SADC Meets to Discuss Security in Lesotho and Congo DRC

Tanzania Vice President Samia Suluhu Hassan inspects Guard of Honor in Mbabane Swaziland on Thursday, March 16, 2017.


By TZ Business News Staff.


Heads of State from six Southern African Development Community (SADC) nations meet in Mbabane, Swaziland on Friday, March 17, 2017  to discuss the volatile security situations in Lesotho and the Democratic Republic of Congo (DRC).

Tanzania currently holds chairmanship of the SADC security councils dubbed SADC Double Troika gatherings. The country will be represented at this meeting by the Vice President, Samia Suluhu Hassan on behalf  of the Tanzania President, Dr. John Pombe Magufuli.

The meeting, which is part of  the so-called Double Troika meetings will be attended by heads of State from Tanzania, Swaziland, South Africa,  Angola, Botswana and Mozambique. It is a select group out of the 15-nation SADC development block picked to deal with the ‘double-troika’ problem.

A statement from the Vice President’s Office said  Samia Suluhu Hassan arrived in Mbabane on Thursday, March 16, 2017  and was received by Swaziland’s Minister for Public Service,  Owen Nxumalo. The Vice President inspected a guard of honor and was welcomed by colorful traditional African dance.

The high-level security meeting on March 17, 2017 has come amid persisting tensions in Lesotho and Congo DRC. The meeting has also come as recommended by a ministerial level  SADC security meeting  held in Dar es Salaam, Tanzania  a few weeks earlier in February to discuss the volatile situations.

Ministers meeting in Dar es Salaam on February 24,  2017 recommended that a Heads of State meeting  be called to discuss the situations in greater detail, the statement from the Vice President’s office said.

Lesotho Highlands Water Project – Phase Two

Lesotho is embroiled in factional disputes linked to corruption and bids to control a power generation dam and a tunnel to send water to South Africa which will bring money from the bigger neighbour in the form of loyalties for using the water resource from the tiny enclave nation. The political instability in the tiny mountain kingdom is linked to the multi-billion-rand Phase 2 of the Lesotho Highlands Water Project (LHWP), according to media reports.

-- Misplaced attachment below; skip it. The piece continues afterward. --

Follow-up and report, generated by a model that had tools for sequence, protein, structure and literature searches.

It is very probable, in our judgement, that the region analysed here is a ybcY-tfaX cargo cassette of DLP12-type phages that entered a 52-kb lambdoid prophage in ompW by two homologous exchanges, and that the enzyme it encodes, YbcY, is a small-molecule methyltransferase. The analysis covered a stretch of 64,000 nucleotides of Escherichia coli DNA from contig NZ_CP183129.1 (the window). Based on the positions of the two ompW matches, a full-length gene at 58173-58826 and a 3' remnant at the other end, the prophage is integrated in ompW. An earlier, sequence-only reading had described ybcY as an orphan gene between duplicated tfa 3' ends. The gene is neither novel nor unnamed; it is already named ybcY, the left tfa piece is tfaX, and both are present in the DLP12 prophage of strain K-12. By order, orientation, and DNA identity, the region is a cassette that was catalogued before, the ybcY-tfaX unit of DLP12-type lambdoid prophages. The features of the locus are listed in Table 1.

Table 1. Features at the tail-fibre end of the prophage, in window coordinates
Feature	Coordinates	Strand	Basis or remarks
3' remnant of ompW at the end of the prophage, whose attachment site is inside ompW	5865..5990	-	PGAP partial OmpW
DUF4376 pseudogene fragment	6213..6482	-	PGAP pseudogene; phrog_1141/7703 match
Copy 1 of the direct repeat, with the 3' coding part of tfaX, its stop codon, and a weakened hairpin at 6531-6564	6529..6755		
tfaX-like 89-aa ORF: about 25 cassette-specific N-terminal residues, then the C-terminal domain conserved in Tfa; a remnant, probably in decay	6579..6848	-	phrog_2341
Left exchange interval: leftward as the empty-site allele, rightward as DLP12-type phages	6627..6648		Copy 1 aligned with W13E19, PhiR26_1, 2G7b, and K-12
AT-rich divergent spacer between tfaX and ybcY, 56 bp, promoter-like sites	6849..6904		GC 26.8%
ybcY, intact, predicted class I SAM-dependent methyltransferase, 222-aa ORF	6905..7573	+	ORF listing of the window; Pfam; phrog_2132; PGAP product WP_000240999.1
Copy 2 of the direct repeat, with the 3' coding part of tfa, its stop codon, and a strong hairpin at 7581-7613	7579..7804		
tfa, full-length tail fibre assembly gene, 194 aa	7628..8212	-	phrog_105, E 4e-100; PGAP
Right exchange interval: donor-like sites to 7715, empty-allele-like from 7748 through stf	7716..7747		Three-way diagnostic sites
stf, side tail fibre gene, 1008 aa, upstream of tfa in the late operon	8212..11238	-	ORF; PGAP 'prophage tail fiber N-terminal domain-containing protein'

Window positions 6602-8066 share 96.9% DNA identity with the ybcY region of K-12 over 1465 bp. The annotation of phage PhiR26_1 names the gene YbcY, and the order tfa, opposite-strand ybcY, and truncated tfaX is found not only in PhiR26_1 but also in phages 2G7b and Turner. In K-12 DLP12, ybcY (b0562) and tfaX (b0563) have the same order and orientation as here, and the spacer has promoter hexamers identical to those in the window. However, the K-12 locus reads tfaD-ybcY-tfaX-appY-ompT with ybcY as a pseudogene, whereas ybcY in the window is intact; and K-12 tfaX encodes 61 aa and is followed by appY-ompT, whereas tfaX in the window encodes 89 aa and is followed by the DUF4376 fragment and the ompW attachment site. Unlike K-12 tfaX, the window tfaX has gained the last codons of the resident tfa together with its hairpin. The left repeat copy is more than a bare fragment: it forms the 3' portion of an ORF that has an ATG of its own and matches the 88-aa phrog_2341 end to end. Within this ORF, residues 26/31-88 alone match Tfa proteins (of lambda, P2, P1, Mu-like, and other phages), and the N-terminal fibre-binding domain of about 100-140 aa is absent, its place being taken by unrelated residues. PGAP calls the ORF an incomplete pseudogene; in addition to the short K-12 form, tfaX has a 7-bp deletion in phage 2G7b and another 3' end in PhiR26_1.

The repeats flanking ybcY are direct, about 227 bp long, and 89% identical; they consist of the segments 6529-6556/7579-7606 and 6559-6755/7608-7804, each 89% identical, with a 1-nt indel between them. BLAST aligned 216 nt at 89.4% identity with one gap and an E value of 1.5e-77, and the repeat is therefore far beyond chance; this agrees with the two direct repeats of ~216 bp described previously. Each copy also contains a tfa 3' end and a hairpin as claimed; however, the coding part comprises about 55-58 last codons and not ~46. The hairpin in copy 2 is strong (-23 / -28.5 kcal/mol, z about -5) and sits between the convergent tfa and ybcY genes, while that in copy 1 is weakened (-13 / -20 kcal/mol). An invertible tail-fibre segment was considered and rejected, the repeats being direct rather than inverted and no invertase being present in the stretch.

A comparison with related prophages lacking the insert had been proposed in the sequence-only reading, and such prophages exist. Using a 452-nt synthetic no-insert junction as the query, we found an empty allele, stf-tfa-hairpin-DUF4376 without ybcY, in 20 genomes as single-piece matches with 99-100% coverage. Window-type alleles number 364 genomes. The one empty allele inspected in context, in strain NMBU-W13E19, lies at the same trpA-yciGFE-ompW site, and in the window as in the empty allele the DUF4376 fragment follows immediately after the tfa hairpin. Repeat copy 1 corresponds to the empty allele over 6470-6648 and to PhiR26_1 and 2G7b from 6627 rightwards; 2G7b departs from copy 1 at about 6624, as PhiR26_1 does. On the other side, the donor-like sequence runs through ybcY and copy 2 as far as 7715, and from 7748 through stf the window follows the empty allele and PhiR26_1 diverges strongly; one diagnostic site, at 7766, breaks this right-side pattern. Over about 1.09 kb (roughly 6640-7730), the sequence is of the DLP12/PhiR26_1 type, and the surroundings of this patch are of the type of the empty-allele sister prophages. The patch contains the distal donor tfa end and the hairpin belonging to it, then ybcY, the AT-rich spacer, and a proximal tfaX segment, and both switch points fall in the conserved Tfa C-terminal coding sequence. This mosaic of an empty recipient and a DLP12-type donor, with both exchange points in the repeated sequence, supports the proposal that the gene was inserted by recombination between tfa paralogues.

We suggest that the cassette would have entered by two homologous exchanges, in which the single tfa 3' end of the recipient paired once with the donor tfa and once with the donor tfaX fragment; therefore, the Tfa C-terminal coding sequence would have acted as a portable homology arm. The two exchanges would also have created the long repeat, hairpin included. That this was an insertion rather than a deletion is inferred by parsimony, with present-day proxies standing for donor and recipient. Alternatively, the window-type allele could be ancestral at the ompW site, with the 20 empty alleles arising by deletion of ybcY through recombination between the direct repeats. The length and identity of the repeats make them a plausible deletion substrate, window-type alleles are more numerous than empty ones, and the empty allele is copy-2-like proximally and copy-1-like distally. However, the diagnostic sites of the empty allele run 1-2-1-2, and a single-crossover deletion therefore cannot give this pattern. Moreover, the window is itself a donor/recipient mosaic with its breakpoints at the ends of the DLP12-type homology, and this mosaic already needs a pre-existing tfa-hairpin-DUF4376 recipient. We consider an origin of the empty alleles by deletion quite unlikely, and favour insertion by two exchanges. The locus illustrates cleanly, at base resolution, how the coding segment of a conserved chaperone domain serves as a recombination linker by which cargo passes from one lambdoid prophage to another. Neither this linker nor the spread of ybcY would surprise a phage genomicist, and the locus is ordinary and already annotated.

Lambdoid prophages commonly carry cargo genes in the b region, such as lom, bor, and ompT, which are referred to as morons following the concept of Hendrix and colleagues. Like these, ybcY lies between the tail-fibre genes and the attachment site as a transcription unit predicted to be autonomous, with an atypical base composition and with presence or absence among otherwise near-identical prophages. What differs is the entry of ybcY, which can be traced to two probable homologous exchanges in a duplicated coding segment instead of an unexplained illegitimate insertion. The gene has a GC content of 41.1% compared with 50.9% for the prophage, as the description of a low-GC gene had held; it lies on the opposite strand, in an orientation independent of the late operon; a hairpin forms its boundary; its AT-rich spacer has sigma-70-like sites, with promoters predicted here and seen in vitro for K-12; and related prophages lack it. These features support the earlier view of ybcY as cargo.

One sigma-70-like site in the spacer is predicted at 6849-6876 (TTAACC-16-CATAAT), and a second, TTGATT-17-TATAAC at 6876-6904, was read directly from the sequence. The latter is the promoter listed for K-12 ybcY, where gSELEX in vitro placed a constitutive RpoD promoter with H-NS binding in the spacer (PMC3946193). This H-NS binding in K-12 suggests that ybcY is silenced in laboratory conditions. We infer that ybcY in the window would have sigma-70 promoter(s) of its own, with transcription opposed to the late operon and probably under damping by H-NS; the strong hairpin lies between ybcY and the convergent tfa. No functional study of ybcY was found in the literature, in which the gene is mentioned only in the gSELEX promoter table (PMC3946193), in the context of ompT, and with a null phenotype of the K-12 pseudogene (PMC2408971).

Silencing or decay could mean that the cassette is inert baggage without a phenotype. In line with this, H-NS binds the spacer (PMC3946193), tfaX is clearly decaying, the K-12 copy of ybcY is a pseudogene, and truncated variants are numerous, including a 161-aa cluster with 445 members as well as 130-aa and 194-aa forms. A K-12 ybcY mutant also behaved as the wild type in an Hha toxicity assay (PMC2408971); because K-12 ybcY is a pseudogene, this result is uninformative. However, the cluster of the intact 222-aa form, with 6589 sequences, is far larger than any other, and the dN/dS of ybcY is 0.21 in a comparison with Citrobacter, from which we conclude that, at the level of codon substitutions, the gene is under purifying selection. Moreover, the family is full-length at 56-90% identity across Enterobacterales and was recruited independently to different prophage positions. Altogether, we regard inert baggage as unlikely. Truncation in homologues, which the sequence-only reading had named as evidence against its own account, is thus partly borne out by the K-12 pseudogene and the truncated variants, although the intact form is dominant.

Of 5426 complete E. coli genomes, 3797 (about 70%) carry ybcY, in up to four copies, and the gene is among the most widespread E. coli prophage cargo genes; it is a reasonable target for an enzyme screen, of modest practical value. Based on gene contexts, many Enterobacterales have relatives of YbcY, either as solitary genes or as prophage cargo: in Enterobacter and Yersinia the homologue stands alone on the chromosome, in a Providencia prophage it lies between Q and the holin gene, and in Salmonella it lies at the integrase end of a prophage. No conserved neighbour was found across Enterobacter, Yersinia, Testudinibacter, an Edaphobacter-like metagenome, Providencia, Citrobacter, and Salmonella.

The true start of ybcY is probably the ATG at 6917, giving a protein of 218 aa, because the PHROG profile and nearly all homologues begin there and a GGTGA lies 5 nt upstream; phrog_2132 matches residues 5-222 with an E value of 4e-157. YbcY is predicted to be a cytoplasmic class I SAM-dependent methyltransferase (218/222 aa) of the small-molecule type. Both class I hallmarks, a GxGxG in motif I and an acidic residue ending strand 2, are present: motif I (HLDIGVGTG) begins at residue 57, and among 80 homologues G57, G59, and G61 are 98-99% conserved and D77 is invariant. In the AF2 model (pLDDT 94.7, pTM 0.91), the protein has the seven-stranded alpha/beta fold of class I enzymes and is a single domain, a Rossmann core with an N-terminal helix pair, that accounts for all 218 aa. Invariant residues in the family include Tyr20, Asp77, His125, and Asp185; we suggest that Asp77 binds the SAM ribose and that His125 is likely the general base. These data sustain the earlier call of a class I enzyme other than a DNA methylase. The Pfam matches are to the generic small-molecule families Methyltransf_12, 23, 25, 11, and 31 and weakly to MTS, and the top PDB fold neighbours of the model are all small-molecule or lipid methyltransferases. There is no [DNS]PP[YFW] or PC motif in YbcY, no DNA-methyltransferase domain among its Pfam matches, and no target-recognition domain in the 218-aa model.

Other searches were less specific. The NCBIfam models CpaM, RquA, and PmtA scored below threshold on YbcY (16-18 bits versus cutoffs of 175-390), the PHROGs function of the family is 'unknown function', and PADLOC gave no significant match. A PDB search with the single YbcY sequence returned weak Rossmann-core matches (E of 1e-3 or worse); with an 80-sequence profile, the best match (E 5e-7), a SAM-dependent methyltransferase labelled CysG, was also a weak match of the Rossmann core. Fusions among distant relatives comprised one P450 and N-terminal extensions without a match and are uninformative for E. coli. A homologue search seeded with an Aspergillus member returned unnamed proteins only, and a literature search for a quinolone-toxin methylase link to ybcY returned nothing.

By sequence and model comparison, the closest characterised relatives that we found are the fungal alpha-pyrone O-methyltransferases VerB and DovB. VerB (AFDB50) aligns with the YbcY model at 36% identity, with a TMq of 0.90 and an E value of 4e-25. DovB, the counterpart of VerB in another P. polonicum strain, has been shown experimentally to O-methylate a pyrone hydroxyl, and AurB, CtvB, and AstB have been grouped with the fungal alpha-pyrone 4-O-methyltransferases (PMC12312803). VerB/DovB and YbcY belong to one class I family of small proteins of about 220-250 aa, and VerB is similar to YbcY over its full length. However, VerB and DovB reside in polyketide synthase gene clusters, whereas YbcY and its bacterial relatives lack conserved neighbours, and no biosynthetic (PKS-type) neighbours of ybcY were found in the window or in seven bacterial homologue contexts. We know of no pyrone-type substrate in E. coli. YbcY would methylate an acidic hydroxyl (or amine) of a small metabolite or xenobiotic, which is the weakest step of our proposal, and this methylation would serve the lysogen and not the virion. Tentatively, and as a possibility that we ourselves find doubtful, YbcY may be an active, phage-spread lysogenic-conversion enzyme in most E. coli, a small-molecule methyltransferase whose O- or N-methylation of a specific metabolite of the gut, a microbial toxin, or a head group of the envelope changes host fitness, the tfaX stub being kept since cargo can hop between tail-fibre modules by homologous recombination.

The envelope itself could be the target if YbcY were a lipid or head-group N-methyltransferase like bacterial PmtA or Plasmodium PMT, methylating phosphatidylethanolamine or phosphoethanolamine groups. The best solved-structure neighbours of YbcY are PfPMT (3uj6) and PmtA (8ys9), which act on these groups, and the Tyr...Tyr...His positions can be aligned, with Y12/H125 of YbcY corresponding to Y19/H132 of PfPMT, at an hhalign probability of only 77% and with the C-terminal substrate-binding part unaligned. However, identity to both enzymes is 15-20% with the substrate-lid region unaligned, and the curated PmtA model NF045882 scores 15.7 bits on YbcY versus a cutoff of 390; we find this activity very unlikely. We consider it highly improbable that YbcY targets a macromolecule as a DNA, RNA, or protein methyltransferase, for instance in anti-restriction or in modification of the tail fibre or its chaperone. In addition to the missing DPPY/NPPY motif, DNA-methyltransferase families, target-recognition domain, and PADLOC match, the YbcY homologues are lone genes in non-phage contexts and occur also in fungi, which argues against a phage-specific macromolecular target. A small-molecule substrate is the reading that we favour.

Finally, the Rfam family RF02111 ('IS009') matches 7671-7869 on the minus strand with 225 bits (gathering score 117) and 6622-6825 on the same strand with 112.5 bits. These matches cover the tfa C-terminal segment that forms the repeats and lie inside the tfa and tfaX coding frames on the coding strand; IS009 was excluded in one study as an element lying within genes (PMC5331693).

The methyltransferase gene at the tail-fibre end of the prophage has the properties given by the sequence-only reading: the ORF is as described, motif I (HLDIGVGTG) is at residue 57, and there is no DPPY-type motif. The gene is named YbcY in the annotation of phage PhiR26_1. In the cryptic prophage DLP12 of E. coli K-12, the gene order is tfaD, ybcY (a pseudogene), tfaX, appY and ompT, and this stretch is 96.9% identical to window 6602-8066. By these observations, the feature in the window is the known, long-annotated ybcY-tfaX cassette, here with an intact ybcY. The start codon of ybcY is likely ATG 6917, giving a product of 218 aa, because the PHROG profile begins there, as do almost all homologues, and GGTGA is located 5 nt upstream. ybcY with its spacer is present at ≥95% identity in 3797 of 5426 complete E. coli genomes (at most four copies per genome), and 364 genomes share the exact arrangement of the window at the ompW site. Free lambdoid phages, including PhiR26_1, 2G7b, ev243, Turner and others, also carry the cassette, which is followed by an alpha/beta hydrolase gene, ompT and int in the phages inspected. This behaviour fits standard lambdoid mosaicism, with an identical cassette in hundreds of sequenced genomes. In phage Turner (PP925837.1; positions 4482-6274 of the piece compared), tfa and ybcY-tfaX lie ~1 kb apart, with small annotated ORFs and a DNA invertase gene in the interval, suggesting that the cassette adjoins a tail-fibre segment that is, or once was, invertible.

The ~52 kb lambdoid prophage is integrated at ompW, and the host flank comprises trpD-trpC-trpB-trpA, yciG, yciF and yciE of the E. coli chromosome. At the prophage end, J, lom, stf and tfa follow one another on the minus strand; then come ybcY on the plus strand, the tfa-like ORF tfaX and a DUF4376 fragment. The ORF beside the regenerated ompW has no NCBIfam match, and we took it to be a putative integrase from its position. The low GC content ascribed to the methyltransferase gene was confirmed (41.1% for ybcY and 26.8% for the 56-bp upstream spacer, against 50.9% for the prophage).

Politicians are craving for power to control this project, according to media reports.  The military got split into two parts  as the politicians are, with the chief of defense forces refusing to be replaced by another army officer as ordered by the head of government. The outcome has become a tense atmosphere  in the country of two million inhabitants.

The security situation is Congo DRC is worse, according to Human Rights Watch which has said in a report that the year 2017 will be critical for the Democratic Republic of Congo, where citizens want to change the presidency.

After much bloodshed and two years of brutal political repression leading up to and following the December 19, 2016, deadline that marked the end of President Joseph Kabila’s constitutionally mandated two-term limit, participants at talks mediated by the Catholic Church signed a peace agreement on New Year’s Eve 2016.

The agreement includes a clear commitment that presidential elections will be held before the end of 2017, that President Joseph Kabila will not seek a third term, and that there will be no referendum nor changes to the constitution.

And while the deal could prove to be a big step toward Congo’s first democratic transition since independence, there’s still a long road ahead, according th Human Rights Watch.

Violence has intensified across the country in recent months, leaving several hundred dead, including in Tanganyika, North-Kivu, and the Kasai provinces, as well as in the capital, Kinshasa.